If it don’t work in Black and White, it ain’t gonna work in color.
A good painting will also look good in Black and White
. That is to say, if you can’t work out your value patterns in black and white, you won’t be able to just fix it with color. Have you ever heard of a grisaille, (that was a tough one to sound out, let alone spell) It’s a black and white under painting. I think the word gray, or grey, as I like to spell it, comes from the same root.
What is a Grisaille and how do you pronounce that?
Work out your lights and darks before you add color
So, where was I? Ho yeah, it is often wise, especially for beginners
, to work out you lights and darks before you move to color
. I like to give it the squint test. Squint at your work and see if it reads well. Do the wrong things disappear? Do the right things stand out?
The under painting can be in a sepia or other tone too, for a nice effect, it doesn’t have to be BLACK and White.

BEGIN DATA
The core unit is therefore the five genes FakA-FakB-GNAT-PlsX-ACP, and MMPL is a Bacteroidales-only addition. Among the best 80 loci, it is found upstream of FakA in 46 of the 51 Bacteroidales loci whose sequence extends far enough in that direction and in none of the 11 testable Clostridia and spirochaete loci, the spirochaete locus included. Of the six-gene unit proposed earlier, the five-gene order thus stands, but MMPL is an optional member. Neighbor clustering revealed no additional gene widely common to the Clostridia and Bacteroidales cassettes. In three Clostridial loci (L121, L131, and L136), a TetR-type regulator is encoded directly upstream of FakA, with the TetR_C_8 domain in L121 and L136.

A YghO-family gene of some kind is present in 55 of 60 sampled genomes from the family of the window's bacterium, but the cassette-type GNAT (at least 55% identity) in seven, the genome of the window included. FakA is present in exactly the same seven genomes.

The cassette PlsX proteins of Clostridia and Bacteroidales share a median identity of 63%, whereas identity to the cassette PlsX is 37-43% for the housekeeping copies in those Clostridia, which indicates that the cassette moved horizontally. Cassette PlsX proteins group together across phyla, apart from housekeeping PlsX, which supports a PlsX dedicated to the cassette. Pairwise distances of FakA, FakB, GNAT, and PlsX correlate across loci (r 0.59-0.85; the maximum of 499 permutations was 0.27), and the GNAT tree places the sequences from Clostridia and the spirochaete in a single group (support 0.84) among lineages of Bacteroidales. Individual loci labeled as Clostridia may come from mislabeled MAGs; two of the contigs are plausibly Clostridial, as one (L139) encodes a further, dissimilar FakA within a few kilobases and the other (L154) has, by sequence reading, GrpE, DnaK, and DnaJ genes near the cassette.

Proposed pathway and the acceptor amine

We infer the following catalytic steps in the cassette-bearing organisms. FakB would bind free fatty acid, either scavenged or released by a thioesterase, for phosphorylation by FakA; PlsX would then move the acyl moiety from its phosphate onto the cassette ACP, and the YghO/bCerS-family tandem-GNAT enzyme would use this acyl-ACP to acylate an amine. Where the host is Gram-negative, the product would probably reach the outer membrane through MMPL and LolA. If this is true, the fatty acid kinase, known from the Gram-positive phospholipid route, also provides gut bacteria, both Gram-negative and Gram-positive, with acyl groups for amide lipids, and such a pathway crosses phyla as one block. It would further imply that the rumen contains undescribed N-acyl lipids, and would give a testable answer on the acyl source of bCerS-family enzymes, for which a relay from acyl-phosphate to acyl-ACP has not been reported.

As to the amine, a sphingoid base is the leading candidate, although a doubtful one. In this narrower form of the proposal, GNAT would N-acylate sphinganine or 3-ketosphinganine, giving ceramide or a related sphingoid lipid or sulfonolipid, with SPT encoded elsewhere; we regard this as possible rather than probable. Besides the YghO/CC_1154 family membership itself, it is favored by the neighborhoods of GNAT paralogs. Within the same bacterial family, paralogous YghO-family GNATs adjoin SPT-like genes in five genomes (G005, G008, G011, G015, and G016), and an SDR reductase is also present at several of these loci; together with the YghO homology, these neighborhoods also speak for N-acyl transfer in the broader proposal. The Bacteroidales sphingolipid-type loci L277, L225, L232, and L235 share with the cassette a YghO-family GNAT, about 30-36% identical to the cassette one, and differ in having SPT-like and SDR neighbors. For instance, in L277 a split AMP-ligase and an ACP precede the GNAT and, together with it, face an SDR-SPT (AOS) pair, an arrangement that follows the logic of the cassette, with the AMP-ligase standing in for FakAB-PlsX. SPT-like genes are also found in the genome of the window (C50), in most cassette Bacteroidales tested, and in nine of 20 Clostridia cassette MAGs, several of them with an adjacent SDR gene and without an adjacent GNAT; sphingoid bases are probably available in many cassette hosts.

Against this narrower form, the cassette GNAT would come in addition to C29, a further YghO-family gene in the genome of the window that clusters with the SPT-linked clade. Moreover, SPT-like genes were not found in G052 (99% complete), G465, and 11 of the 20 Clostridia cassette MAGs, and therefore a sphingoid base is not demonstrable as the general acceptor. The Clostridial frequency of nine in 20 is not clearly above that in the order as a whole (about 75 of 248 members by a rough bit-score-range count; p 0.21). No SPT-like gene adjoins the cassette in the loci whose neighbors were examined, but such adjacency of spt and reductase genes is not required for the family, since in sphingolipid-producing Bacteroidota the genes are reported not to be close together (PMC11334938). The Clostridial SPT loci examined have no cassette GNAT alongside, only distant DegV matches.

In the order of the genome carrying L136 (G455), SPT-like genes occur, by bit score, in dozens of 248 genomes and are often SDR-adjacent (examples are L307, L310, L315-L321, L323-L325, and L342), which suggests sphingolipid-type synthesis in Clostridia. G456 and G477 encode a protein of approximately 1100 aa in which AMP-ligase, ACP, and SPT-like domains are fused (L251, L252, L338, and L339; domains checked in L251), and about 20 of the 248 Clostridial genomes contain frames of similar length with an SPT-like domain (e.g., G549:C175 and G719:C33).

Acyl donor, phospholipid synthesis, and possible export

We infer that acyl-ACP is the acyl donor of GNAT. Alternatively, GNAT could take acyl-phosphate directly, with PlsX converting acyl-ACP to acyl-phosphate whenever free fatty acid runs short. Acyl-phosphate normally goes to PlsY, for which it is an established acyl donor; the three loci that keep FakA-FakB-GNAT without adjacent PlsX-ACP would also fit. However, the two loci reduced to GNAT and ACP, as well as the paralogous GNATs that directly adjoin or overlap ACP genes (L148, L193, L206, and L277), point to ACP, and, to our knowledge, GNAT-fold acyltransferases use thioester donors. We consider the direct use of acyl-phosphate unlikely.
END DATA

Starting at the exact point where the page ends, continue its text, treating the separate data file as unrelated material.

Light and Shadow
Where is your light source? Is it in the picture? If so, you shouldn’t have anything in the painting that is brighter than the light source.
Are the shadows, cast, core etc, in the right places? I am thinking that the cast shadow in this piece is not dark enough.
Do you have reflected light in the right places?
Just add Color, or Colour as my UK friends like to spell it.
If you are painting digitally, like in Photoshop or on the iPad, you will enjoy the ability to undo. If you are using water colors then you can just glaze transperant colors over you black and white under-painting. AKA Grisaille.
If you are using oil paints, you may want to try a water color, acrylic, or gwash, (i better look that up) Gouache. The oil paint goes right over the aqueous paints without disturbing them and it works really well. You should see how Robert Barrett uses gouache, for under-paintings to create a beautiful effect. He calls it a “Rub-out” technique.